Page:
As shown in FIGS. 4A and 4B, the regulator IC 100 of this embodiment further includes, in addition to the circuit blocks and components already mentioned, an output voltage monitoring circuit 112. The output voltage monitoring circuit 112 produces a control signal S3 according to the result of monitoring of the output voltage Vo applied to the external terminal T4, and feeds the thus produced control signal S3 to the gate of transistor FET3.

As shown in FIG. 4C, the output voltage monitoring circuit 112 includes a comparator circuit CMP3, a direct-current voltage source E5, and resistors R9 and R10. One input end of the comparator circuit CMP3 is connected to the external terminal T4; the other input terminal of the comparator circuit CMP3 is grounded via the resistor R9, and is connected via the resistor R10 to the positive end of the direct-current voltage source E5. The negative end of the direct-current voltage source E5 is grounded. Thus, the output voltage monitoring circuit 112 produces the control signal S3 so that, when the output voltage Vo applied to the external terminal T4 is lower than a third threshold voltage Vth3 (a protection operation disabling voltage that is produced by the direct-current voltage source E5 and the resistors R9 and R10), the overvoltage protection operation of the overvoltage protection circuit 105 is turned off.

Incidentally, the third threshold voltage Vth3 can be set properly according to the mean voltage of the direct-current voltage source E1. For example, in a case where a lithium-ion battery is used as the direct-current voltage source E1, considering that its mean voltage is about 3.6 [V], the third threshold voltage Vth3 is set to be approximately equal to that voltage, specifically about 3.6 [V].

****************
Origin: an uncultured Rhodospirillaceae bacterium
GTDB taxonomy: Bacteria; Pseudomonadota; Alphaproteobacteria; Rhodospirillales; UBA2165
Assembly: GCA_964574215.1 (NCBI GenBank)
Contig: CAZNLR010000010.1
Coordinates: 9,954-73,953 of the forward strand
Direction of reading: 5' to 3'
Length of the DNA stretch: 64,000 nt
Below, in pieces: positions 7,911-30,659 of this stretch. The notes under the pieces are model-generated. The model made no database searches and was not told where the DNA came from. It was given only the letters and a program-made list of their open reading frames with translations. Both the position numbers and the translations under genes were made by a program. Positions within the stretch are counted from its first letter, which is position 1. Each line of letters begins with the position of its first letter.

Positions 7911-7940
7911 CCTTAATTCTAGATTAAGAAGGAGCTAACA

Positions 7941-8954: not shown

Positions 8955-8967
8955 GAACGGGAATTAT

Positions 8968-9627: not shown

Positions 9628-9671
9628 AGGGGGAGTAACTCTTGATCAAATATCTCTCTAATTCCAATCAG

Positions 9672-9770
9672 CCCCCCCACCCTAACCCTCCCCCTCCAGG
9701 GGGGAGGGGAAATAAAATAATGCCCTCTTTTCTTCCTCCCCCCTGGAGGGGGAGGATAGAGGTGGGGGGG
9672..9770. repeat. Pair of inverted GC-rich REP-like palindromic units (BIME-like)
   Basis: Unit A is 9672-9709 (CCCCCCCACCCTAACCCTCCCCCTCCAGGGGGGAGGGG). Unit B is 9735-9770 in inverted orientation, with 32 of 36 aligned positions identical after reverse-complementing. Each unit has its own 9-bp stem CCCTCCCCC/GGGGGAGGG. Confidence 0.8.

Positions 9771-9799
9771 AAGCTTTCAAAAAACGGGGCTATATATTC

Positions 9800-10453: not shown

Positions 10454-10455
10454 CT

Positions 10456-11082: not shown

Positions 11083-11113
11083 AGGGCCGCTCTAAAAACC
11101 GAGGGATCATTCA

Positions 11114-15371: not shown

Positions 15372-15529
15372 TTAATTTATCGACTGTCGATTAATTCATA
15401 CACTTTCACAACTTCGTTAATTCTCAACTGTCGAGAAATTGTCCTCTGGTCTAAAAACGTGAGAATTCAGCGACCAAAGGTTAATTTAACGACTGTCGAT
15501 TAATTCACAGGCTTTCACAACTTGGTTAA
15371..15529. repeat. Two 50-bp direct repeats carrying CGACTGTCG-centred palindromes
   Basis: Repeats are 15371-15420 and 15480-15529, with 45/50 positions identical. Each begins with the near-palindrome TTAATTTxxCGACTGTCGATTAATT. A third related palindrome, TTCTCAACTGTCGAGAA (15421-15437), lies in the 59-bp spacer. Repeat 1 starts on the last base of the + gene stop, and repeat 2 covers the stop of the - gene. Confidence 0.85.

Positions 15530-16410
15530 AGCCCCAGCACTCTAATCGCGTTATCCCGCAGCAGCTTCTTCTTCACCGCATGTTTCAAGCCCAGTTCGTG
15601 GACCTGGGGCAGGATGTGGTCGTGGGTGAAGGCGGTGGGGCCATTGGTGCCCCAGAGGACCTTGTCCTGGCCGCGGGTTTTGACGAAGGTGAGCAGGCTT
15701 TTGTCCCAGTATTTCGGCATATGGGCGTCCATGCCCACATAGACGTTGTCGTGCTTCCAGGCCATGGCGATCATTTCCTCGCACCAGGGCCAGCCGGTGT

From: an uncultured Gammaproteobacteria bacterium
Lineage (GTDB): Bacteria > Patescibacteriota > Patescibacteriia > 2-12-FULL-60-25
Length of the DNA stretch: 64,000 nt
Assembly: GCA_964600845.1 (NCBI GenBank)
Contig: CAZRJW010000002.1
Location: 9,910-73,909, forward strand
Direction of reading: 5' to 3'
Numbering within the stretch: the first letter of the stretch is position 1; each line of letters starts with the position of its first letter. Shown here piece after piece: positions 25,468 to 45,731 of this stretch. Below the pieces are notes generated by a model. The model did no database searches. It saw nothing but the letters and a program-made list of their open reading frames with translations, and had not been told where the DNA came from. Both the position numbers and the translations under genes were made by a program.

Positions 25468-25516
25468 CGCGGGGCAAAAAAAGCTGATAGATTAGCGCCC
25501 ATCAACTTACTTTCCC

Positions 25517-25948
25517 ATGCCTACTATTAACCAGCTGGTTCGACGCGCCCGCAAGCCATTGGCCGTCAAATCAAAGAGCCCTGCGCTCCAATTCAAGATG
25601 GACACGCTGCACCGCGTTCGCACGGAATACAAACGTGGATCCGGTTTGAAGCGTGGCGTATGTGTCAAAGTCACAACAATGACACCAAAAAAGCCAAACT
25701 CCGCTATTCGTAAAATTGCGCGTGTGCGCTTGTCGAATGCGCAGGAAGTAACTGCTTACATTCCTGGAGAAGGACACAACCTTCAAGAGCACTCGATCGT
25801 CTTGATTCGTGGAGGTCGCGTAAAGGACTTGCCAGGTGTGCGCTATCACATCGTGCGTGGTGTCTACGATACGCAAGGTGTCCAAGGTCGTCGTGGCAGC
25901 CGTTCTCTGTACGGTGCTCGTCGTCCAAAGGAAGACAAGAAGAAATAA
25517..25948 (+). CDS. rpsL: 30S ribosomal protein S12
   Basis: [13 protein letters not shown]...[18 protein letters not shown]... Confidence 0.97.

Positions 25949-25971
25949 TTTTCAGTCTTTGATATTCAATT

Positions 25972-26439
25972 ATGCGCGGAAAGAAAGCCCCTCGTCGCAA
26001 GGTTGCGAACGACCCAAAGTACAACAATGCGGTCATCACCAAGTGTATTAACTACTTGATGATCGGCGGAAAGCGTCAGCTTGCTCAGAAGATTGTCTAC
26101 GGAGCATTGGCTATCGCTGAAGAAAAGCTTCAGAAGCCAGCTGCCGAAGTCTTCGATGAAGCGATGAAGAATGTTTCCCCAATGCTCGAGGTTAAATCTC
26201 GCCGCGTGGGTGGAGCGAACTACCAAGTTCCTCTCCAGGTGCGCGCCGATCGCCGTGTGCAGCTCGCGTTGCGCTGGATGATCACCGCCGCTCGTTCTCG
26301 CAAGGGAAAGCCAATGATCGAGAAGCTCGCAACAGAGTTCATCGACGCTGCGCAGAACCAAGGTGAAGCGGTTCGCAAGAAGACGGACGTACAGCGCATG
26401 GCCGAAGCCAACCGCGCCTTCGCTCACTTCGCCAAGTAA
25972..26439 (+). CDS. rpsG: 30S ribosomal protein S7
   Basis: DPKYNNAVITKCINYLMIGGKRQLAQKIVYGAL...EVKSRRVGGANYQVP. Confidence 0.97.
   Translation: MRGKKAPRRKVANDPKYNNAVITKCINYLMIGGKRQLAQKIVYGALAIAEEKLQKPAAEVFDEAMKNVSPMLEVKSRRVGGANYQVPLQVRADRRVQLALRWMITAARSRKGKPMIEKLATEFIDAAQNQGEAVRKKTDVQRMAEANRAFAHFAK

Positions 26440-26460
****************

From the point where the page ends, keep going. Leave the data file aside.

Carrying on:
With this configuration, when the light emission operation of the light-emitting diode array LED serving as the load is turned off, the overvoltage protection operation is disabled from being unnecessarily continued. Thus, it is possible to reduce the electric power wasted in the overvoltage protection circuit 105 (that is, the waste of the electric power of the direct-current voltage source E1, which is a battery), and thereby to lengthen the duration the electronic apparatus can be used.

Lastly, the electronic apparatus of a fifth embodiment of the present invention will be described in detail with reference to FIGS. 5A and 5B. FIG. 5A is a circuit diagram showing the electronic apparatus of the fifth embodiment of the present invention, and FIG. 5B is a circuit diagram showing an example of the configuration of the overvoltage protection circuit thereof (each diagram partly presented as a block diagram). As shown in FIGS. 5A and 5B, the electronic apparatus of this embodiment has largely the same configuration as the electronic apparatus of the first embodiment shown in FIGS. 1A and 1B described previously. Accordingly, such circuit blocks and components as find their counterparts in the first embodiment are identified with reference numerals and symbols common to FIGS. 1A and 1B, and no detailed explanations thereof will be repeated. Thus, the following description of this embodiment emphasizes the features unique thereto.